A rendering of a protected bike lane being used by Charlotte biking advocates to explain the idea. (Courtesy PeopleForBikes)
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(Editor’s Note: This article cites a Charlotte bike advocate who used competition among southeastern cities as one reason to implement better bike infrastructure like protected bike lanes. The Move Louisville 20-year transportation plan also referenced the need to compete for a talented workforce between cities among its reasons to implement better transportation infrastructure. How can Louisville better compete for infrastructure among southeastern and midwestern cities?)

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Cities compete. And in the cities of the American Southeast, keeping up with one’s peers now means using protected bike lanes on busy streets to bring bicycle transportation into the mainstream.

Last Monday, a massive petition and letter-writing campaign helped make Charlotte the latest city to set a downtown protected bike lane effort in motion after 3,000 people contacted the city council to express their support for the idea, which could seamlessly link Charlotte’s Irwin Creek Greenway and Little Sugar Creek Greenway paths to one another and to central-city destinations.

It’d be a textbook use of protected bike lanes to close a gap between other parts of a city’s high-comfort network. In a city whose population understands networks—how the value of every point on a network rises exponentially as networks grow—that’s evidently something lots of Charlotteans can get behind.

Here’s part of what Jordan Moore, the local bike advocacy organizer for Sustain Charlotte, told the council Monday. He was backed by “over 50 local residents,” many carrying their helmets or handmade signs:

Protected bike lanes are common practice now internationally, nationally, and regionally. Cities whom we compete with—Memphis, Chattanooga, Atlanta, Asheville and Raleigh—have all begun construction of or adopted plans to add these facilities to their transportation network…

By connecting this lane to our greenways, we’d be connecting our leadership to our greatest challenge. Safe places for people to use their bicycles means a positive turn for social and economic mobility. Memphis, a city that has historically existed in the heart of economic hardship, is now telling a story of cultural preservation and neighborhood revitalization because of protected bike lanes. We should want to tell that story for Charlotte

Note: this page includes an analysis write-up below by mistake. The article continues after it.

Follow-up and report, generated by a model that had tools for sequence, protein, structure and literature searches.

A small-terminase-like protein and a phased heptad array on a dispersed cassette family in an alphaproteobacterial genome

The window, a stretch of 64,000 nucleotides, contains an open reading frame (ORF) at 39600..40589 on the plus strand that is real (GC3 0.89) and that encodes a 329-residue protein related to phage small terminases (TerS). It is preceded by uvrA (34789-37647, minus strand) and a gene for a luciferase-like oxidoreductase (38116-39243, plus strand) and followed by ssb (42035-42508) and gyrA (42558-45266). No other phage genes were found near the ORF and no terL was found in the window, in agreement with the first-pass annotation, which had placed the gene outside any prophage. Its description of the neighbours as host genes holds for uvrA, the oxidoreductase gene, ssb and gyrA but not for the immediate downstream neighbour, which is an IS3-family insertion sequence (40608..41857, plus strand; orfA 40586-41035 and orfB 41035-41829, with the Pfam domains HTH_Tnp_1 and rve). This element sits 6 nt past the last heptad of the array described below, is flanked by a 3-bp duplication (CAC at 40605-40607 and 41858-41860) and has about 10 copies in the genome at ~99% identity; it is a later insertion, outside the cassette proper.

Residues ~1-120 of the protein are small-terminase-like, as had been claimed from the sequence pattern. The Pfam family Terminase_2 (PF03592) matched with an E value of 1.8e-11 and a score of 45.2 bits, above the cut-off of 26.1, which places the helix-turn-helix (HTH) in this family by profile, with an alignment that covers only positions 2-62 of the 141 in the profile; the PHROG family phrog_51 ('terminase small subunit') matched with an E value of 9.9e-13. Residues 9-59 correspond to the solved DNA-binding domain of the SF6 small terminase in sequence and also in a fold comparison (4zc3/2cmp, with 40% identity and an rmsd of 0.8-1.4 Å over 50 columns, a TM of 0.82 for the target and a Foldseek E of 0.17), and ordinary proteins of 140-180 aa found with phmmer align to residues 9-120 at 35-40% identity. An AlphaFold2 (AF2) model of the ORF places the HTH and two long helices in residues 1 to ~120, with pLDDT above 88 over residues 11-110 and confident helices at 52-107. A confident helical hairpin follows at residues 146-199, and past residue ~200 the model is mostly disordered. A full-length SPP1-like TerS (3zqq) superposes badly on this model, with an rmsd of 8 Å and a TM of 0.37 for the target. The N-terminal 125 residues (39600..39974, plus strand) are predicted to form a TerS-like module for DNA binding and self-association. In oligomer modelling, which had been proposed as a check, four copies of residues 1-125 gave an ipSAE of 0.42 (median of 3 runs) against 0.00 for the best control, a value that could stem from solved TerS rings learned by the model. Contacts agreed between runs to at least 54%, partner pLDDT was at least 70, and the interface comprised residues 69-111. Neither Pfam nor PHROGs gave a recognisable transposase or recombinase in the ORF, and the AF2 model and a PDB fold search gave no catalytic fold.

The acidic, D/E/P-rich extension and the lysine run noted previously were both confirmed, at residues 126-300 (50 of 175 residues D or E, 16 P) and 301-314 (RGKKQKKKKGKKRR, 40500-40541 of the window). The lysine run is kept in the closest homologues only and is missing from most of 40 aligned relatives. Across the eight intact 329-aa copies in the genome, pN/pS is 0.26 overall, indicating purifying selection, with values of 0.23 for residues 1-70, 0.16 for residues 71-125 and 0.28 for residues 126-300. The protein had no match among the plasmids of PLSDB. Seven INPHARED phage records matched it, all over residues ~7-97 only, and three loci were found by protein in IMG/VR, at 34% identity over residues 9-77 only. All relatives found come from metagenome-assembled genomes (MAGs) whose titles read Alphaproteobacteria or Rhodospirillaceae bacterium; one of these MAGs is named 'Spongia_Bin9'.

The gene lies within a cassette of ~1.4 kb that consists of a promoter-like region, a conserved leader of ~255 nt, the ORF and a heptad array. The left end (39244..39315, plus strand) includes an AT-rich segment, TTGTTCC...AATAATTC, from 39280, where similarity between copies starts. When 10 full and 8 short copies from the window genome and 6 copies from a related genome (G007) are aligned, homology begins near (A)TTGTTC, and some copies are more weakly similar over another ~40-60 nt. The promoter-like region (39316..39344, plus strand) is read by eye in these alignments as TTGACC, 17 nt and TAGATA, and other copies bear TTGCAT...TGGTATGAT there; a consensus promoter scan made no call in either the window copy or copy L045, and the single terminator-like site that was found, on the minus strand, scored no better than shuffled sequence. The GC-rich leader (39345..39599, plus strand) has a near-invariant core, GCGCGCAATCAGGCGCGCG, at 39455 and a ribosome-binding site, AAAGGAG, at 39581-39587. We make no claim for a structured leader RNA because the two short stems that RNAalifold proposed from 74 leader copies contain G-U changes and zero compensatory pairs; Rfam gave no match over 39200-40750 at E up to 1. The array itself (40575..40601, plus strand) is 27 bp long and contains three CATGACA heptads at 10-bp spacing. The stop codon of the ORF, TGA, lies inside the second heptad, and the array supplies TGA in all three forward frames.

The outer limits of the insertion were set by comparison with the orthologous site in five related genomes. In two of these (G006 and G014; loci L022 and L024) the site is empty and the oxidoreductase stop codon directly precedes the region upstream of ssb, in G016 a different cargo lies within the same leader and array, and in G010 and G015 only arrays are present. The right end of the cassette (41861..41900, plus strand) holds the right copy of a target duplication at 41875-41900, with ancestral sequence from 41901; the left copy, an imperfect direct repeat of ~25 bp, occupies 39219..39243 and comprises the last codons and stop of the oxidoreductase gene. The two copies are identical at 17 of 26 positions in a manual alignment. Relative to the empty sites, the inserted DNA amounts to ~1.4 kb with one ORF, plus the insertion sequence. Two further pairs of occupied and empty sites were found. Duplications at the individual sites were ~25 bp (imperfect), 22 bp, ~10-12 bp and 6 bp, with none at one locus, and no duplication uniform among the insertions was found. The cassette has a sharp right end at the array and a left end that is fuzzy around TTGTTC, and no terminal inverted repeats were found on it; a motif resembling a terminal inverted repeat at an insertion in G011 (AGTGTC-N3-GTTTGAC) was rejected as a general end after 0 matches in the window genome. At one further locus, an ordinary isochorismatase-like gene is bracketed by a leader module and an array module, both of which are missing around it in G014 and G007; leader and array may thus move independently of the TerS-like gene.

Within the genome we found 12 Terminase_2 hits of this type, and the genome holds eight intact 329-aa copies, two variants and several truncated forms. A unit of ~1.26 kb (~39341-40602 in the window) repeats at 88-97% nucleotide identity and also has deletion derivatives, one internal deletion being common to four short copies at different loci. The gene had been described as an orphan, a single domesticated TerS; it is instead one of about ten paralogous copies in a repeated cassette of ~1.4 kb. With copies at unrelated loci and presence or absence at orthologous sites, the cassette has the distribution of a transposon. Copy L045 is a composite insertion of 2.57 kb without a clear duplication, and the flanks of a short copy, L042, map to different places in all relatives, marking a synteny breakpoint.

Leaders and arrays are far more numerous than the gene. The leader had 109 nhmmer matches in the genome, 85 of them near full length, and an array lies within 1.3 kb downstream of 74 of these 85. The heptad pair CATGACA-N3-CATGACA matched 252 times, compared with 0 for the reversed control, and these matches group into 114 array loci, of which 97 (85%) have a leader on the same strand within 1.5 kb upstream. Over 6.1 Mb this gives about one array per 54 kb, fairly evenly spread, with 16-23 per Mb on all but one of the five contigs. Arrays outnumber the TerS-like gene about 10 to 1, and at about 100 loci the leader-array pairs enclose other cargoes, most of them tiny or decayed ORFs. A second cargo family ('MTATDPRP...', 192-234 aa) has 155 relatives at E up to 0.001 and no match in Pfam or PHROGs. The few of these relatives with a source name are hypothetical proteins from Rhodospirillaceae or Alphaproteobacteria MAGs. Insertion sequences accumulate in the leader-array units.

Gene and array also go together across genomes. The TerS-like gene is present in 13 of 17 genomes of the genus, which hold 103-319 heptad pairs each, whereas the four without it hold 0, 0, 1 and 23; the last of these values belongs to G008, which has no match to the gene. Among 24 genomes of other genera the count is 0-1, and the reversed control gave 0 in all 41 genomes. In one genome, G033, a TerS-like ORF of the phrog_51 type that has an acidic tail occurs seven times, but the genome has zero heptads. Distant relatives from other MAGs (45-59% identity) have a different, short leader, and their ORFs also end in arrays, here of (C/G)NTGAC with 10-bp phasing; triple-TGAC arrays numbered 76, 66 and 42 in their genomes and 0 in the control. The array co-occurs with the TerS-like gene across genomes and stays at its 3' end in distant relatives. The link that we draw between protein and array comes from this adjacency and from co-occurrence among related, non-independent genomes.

Tonight we speak for over 3,000 people in our community who have aligned their voices to ask you for this lane. Tonight we speak for more than 30 small businesses who have allowed us to hang our petitions on their front doors and in their dining rooms, tape them on their counters and their walls.

It worked.

Typically, the council does not respond to citizen requests during the Citizens’ Forum portion of their meetings. However, Mayor Roberts pointed out that she and the rest of Council received a large number of emails in support of our campaign and that it therefore deserved a brief response.

Council Member Kinsey expressed support and made a motion to refer this request to the Transportation and Planning Committee. Council Member Autry also requested that funds be allocated specifically for bicycle and pedestrian projects when the City drafts their budget for next year! Council Members Eiselt, Lyles, and Phipps also expressed their support for our request.

Then, unanimously, they voted in favor of Kinsey’s motion.

Back in March, when Moore was beating a local media drum for protected bike lanes through Uptown, we wrote that until people understand changes as part of a big goal, they’ll rarely be willing to make sacrifices for the greater good of their city.

Fortunately, Moore and his colleagues don’t lack for vision. Moore is already describing it as the first step in a connected biking network that would help more people cut transportation costs and move around safely.

“People would be able to use the Blue Line, the Gold Line, buses, and the Cross Charlotte trail to access our city’s economic, civic and cultural core,” he said Monday.

But Moore hopes he won’t have to do nearly as much explaining after the city’s first protected bike lane is installed.

“I promise you this, if you focus your energy this year on getting this ONE in place, I am convinced that next year I won’t have to ask for more,” Moore told the council. “That protected lane will speak for itself. I won’t have to say a word. People will be riding on it and they will be connected, and they will love it.”

(Editor’s Note: This article has been cross-posted from PeopleForBikes’s Green Lane Project blog. Follow along with PeopleForBikes on Facebook and Twitter.)

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Michael Andersen

Michael Andersen

Staff Writer at Green Lane Project
The Green Lane Project is a PeopleForBikes program that helps U.S. cities build better bike lanes to create low-stress streets.
Michael Andersen

1 COMMENT

  1. What streets should we put a protected bike lane one? I think the one connecting Nulu to Downtown will be great then another one connecting Fourth St. to Churchhill Downs would also be fantastic and Southern Parkway would have more than enough space. Another one linking East Market to the Highlands and Clifton would be game changer.

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